This crossword clue is for the definition: Evidence of frequent travel.
it’s A 27 letters crossword puzzle definition.
Next time, when searching for online help with your puzzle, try using the search term “Evidence of frequent travel crossword” or “Evidence of frequent travel crossword clue”. The possible answerss for Evidence of frequent travel are listed below.
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Possible Answers: RUT.
Last seen on: LA Times Crossword 9 Jun 2018, Saturday
Random information on the term “RUT”:
A national identification number, national identity number, or national insurance number is used by the governments of many countries as a means of tracking their citizens, permanent residents, and temporary residents for the purposes of work, taxation, government benefits, health care, and other governmentally-related functions. The number appears on identity documents issued by several of the countries.
The ways in which such a system is implemented vary among countries, but in most cases citizens are issued an identification number upon reaching legal age, or when they are born. Non-citizens may be issued such numbers when they enter the country, or when granted a temporary or permanent residence permit.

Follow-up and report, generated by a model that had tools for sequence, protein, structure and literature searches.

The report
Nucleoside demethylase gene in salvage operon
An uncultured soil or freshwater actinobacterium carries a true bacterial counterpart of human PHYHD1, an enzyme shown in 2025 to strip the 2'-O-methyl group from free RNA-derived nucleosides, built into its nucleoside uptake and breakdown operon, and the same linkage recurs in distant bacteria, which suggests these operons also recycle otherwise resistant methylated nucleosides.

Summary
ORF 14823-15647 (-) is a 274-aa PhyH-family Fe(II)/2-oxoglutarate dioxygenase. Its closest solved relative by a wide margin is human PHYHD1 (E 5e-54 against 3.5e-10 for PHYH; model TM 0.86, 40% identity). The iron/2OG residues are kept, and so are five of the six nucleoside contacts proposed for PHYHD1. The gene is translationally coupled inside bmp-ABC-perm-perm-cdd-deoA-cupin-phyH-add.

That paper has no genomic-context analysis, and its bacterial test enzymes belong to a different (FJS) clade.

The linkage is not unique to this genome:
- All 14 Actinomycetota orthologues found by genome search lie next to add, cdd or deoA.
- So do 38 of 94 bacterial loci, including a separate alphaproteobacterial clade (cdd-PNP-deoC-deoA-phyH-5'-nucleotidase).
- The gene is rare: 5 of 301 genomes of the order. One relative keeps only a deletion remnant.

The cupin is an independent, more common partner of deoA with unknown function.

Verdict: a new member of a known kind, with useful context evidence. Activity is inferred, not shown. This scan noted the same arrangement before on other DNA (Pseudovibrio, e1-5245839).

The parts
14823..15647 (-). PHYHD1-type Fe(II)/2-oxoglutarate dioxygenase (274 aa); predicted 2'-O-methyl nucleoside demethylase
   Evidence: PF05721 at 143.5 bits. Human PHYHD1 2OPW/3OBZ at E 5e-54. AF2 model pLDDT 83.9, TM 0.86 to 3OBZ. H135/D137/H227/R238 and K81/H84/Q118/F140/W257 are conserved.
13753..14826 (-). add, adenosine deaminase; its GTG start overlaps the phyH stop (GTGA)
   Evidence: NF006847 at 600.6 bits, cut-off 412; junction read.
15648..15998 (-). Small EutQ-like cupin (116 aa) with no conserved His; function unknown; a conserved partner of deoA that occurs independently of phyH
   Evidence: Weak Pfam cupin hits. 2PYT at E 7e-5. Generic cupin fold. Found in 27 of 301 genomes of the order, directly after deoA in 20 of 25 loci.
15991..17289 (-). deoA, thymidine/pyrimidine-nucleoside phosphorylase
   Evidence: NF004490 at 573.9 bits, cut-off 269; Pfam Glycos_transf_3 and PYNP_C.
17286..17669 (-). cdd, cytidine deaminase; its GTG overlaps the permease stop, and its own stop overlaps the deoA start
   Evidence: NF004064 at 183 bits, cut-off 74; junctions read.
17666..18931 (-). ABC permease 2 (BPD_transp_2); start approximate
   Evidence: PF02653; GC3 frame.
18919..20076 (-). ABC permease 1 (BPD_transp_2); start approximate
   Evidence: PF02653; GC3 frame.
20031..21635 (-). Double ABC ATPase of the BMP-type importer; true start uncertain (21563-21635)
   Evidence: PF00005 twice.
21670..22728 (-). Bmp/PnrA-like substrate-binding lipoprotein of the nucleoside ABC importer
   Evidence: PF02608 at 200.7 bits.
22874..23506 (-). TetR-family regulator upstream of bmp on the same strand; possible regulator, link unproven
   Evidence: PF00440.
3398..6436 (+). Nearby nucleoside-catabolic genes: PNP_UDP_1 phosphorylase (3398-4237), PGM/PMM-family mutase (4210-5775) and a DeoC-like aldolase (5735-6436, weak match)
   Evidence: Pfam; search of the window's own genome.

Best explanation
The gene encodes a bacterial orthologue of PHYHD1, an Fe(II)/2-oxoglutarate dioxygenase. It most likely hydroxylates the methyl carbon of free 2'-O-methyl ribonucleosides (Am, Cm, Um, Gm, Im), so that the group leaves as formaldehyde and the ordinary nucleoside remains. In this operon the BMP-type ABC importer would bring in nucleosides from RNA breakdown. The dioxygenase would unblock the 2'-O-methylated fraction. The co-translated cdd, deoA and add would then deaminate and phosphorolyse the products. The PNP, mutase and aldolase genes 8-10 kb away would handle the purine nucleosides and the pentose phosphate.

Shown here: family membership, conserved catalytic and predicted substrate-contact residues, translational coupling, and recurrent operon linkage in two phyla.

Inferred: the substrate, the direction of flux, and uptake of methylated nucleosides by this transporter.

Many countries issued such numbers for a singular purpose, but over time, they become a de facto national identification number. For example, the United States developed its Social Security number (SSN) system as a means of organizing disbursing of Social Security benefits. However, due to function creep, the number has become used for other purposes to the point where it is almost essential to have one to, among other things, open a bank account, obtain a credit card, or drive a car. Although some countries are required to collect Taxpayer Identification Number (TIN) information for overseas payment procedures, some countries, like the US, are not required to collect other nations’ TIN if other requirements are met, such as date of birth. Authorities use databases and they need a unique identifier in order to be that data actually refer to the searched person. In countries where there is no established nationwide number, authorities need to create their own number for each person, though there is a risk of mismatching people.